He dismissed Tua with a wave of the hand. ‘Besides, we need more shelter in which to house our children and shelter them from the rains. These children then will help us farm the land and defend it. They will honour our Gods and one day, we will make more Moai, just as our ancestors did. Do not speak unless you know what you speak of. That is for me as your chief.’

‘But we struggle as it is. If there are more of us…’

‘If we do not do this, we will be overrun but the others. Our way of life will be over. Even now, the Majuriki eye our lands and our sugarcane. They deface our idols more and more even though once they were our friends. What would you have me do? You would seek to disadvantage us?’ He sniffed. ‘This would only hasten our demise. You are enlightened in some ways Tua but you have much to learn. Until that time, you will learn to respect this tribe with me at its head.’

Though Tua remained silent, he did not look placated, even with some of the disapproving glances from around the fire.

The next morning, Uki approached Tua as he inspected the crops. Uki asked about what Tua had meant the night before. Tua seemed pleased that someone would listen.

We revere our ancestors Uki, but I sometimes wonder whether they deserve our devotion. Their legacies are the idols that we so triumphantly protect. But I have come to realise that these idols do nothing but judge us.

Mother says they protect us,’ offered Uki, confused.

From what? Our past? Ourselves. What protected our mighty ancestors Uki? Where are the wonders they tell of in the stories? Where are the vessels they took to sea and the vast creatures they brought back? Where are the forests filled with happiness and plenty?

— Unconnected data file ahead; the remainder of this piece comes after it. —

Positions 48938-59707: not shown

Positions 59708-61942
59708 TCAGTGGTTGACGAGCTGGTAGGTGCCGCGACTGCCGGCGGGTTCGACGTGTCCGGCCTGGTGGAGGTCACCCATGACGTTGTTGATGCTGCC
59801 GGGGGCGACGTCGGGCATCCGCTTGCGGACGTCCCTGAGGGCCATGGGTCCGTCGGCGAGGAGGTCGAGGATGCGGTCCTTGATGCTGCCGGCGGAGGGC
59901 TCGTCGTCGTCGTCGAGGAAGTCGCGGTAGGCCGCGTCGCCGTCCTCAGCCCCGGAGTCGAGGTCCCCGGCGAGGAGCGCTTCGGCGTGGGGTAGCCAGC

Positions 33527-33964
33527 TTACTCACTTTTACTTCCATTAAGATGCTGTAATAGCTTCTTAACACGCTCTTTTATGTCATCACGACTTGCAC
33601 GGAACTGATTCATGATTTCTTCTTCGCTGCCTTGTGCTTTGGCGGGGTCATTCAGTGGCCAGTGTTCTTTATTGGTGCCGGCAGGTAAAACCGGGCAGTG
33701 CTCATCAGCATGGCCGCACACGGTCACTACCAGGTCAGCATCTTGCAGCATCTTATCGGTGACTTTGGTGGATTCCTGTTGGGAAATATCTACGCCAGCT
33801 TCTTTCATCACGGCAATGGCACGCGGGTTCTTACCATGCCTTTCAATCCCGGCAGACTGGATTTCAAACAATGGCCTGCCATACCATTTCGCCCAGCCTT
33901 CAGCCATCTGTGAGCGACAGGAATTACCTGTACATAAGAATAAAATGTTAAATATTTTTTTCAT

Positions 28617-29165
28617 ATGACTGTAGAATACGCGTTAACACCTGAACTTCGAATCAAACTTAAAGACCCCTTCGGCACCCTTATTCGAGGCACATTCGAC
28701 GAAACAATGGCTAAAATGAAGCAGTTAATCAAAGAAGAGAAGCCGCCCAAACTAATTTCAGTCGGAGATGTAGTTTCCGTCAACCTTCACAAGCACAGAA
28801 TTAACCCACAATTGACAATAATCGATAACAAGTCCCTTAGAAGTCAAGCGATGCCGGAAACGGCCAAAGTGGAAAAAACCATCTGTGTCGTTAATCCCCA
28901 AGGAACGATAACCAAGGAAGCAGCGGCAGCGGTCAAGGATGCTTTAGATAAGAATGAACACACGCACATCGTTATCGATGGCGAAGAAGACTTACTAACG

‘In the stories?’ replied Uki. Tua had lost him and the older boy realised it.

Tua looked up to the barren slopes of the mountain and the bitter whip of the salt air squeezed his eyes tight. ‘The chief is right. Without these things, we will be at the mercy of the Majuriki. The problem is that no one sees the real problem at the heart of it all.’

‘What’s that?’ asked Uki quietly, not expecting to understand the answer.

‘No one is happy with what they already have. That is the problem Uki. Maybe one day you’ll understand. I’m not sure that will change anything though.’

Uki was desperate to help his cousin, who seemed sad. All he could think was that the black terns might hold the answer – after all, they were as wise as Tua was, no matter what his uncle might think. Uki looked out over the beach to find them and it was then that he saw it. Upon the line of cerulean blue that marked the boundary of his existence was something new. Balancing like the brightest white feathers were three fluttering beacons, all in a line and hazy in the morning sun.


Years later, when recalling the events of that time, Uki would tell his own children stories of his cousin Tua. ‘He taught me a lot but I think my greatest lesson is something I realised for myself,’ Uki would say. They would sit at his feet, staring with wide but unknowing eyes as he spoke. Our wisdom is not determined by those few most gifted in that respect but it is instead limited to that of the lowest ebb of our society where human nature triumphs above all.’ Still the children stared. ‘I’m not sure that will change anything though,’ he whispered.